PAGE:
The chief architect of the Boulder model was David Shakow (1901-1981). At the time, there was no other person in American psychology who had more responsibility and influence in defining standards of training for clinical psychologists. In 1947, Shakow crafted a report on the training of doctoral students in clinical psychology that became the working document for the Boulder Conference of 1949 (APA, 1947; Benjamin & Baker, 2004; Felix, 1947).
By the 1950s, professional psychologists achieved identities that served their members, served their various publics, attracted students and faculty, and ensured survival by maintaining the mechanisms necessary for professional accreditation and later for certification and licensure. In the free-market economy, many trained for public service have found greener pastures in private practice.
The training model inaugurated by the NIMH in 1949 has continued unabated for five decades, planned and supported largely through the auspices of the American Psychological Association. The exigencies that called for the creation of a competent mental health work force have changed, yet the professional psychologist engineered at mid-century has endured, as has the uneasy alliance between science and practice.
This brief historical analysis shows how archival elements can be gathered from a host of sources and used to illuminate the contextual factors that contributed to a significant development in modern American psychology. This story could not be told without access to a number of original sources. For example, the inner workings of the two-week Boulder conference are told in the surviving papers of conference participants, including the personal papers of David Shakow that are located at Akron in the Archives of the History of American Psychology. Papers relevant to the Mental Health Act of 1946 can be found in the National Archives in Washington, DC. Information about the role of the Veterans Administration in contributing to the development of the profession of clinical psychology can be found in the oral history collection available at the archives of the APA. Such analysis also offers an opportunity for reflection and evaluation, and tells us some of the story of the bifurcation of science and practice that has resulted in American psychology. We believe that historical analysis provides a perspective that can contribute to our understanding of current debates and aid in the consideration of alternatives.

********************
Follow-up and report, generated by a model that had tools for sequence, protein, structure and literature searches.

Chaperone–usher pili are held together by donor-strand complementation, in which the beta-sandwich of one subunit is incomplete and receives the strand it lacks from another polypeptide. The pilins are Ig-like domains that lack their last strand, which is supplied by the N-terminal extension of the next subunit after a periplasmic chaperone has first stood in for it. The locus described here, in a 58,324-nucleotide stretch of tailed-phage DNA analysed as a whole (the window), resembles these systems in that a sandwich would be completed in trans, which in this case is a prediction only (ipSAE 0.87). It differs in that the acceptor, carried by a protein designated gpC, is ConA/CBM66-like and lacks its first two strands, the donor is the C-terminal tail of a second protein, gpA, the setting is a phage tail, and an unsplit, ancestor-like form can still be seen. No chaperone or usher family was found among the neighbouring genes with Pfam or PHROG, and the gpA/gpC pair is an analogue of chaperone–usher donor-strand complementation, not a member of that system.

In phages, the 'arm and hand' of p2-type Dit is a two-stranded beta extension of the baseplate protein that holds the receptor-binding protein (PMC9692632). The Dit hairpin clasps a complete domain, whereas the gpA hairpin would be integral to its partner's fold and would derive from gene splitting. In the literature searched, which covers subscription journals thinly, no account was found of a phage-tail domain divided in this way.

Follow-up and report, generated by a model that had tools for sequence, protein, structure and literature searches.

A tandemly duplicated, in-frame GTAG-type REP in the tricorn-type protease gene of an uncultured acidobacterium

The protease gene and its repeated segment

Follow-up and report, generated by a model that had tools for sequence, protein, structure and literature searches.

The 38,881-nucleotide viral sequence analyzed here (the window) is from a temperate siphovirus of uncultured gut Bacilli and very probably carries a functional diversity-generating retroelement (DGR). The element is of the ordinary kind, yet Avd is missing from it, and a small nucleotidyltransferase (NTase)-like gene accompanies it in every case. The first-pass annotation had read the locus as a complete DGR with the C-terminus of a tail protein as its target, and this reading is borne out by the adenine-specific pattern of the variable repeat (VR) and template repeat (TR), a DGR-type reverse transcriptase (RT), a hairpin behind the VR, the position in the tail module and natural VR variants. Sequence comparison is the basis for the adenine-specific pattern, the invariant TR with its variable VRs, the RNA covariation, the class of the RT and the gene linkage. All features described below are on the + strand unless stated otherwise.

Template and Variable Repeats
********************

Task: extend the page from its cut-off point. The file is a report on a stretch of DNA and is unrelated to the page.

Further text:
Indeed, almost any contemporary topic that a student of psychology is interested in has a history that can be traced. Topics in cognition, emotions, forensics, group therapy, parenting, sexuality, memory, and animal learning, to name but a very few, can be researched. Archival resources are often more readily available than most might think. Local and regional archives and university library special collections all are sources of original material. For example, students can do interesting research on the history of their own psychology departments (Benjamin, 1990). University archives can offer minutes of faculty meetings, personnel records (those that are public), college yearbooks (which often show faculty members, student groups, etc.), course catalogues, building plans, and many more items. Interviews can be conducted with retired faculty and department staff, and local newspapers can be researched for related stories. The work can be informative, instructive, and very enjoyable.